Title: Forever Curious
Author: Jetse de Vries
Genre: Science Fiction
Na-Yeli Maya has been chosen as humanity’s representative explorer into the Enigmatic Object, a multi-layered puzzle in space. Various aliens have taken their turns inside the impenetrable, perfectly black sphere which features only one way in and presumably one way out. Forever Curious shares the first part of a duology that promises to cover her solitary journey and share her findings and the challenges she faces along the way.
In some respects, this story is reminiscent of works like Gulliver’s Travels or The Space Trilogy by C. S. Lewis, as it shares one person’s experiences in strange new worlds with new aliens and only her own resources to help her through it. Na-Yeli is helped by her digital assistant, who has the same snobbish, standoffish view of life that frequently is adopted by AIs in science fiction stories, but more often, Na-Yeli finds help in the form of her “other personalities,” an adrenaline-fueled warrior and an artistic dreamer who can come up with very creative solutions whenever Na-Yeli asks for help.
The exploration of the Enigmatic Object reveals many layers, each with their own atmospheric conditions, lifeforms, and difficulties, giving readers seven worlds to vicariously explore. The author provides beautifully evocative details as Na-Yeli flies, glides, walks, and swims on her way to completing her mission, and while the narrative tone is primarily factual, it nicely reflects the scientific focus of Na-Yeli’s primary personality.
The story offers a very narrow range of characters, as Na-Yeli rarely has the opportunity to interact with any alien in a truly relational way, and even when she discovers a traveling companion, the communication is restricted to nonverbal signals pertaining to survival rather than any discussion of their respective missions, backgrounds, and feelings. Still, this allows the novel to remain focused on the Enigmatic Object and Na-Yeli’s discoveries in a way that might otherwise be lost in dialogue and exposition.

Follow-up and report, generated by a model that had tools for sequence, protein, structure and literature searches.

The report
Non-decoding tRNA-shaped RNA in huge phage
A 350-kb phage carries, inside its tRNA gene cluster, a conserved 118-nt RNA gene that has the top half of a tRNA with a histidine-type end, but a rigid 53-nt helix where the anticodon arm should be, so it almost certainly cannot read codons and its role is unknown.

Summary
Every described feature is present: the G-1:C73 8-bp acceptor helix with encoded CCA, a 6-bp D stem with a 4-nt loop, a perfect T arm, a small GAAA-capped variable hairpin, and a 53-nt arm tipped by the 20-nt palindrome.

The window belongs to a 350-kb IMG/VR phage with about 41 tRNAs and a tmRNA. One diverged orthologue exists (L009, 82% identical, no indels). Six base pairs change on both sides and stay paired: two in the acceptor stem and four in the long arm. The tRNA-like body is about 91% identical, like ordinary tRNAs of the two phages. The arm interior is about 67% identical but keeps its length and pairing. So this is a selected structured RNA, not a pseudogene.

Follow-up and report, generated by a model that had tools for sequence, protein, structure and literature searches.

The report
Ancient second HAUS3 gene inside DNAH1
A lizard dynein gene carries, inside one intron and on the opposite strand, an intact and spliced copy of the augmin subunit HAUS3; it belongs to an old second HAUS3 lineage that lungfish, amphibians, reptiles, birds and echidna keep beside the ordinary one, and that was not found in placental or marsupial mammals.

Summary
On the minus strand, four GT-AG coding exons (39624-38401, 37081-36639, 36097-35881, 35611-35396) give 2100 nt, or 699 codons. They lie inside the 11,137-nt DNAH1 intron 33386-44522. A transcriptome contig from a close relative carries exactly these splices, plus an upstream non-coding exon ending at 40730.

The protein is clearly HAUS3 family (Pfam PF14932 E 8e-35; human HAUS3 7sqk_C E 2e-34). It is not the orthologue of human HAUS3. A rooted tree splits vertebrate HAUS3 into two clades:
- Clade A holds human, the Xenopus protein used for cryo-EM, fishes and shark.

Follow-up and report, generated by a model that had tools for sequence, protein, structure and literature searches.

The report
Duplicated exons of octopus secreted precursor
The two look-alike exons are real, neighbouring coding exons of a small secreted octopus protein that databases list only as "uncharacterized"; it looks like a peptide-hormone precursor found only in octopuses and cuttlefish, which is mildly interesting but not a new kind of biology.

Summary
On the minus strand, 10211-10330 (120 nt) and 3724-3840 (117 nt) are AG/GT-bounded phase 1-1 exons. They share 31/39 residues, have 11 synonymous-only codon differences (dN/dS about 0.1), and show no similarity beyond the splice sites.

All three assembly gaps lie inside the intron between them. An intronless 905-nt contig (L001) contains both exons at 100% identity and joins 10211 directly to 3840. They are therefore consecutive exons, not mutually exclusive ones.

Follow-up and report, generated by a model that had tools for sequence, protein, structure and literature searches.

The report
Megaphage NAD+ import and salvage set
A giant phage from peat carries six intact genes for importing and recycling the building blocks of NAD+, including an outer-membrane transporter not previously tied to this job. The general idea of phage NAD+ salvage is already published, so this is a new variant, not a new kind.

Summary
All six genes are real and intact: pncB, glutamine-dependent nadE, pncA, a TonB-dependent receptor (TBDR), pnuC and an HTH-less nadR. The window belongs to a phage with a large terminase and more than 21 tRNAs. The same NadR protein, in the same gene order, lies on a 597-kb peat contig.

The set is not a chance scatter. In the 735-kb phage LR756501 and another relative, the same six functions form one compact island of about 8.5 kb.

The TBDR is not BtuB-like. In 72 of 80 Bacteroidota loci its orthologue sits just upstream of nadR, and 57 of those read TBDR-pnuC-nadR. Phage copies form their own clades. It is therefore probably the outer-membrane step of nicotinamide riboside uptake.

The author does manage to smuggle in some information about Na-Yeli’s past through her dreams as she rests along the way, offering some ideas as to her hopes, dreams, and regrets as well as her backstory, and while some readers would prefer to know more about her life before the mission and what she’ll likely find if she survives and returns “home,” the author includes enough to keep the story balanced and the main character relatable.
This work could benefit from some editorial polish, as there were times when the wrong spelling or a missing word somewhat marred the reading experience, but the science deployed seemed strong and very effective, to where it’s quite possible the author knows and understands the concepts more than most readers.
Adventurous in a thoughtful, scientifically-complex way, this book will appeal to fans of hard science fiction and those who enjoy a futuristic tale of exploration full of conundrums to solve. The pacing gives readers plenty of time to analyze the various layers and understand Na-Yeli’s predicament, and the descriptions provide a clear, illuminative explanation of what she’s witnessing, capturing the unadorned facts and her own sense of wonder at the same time.
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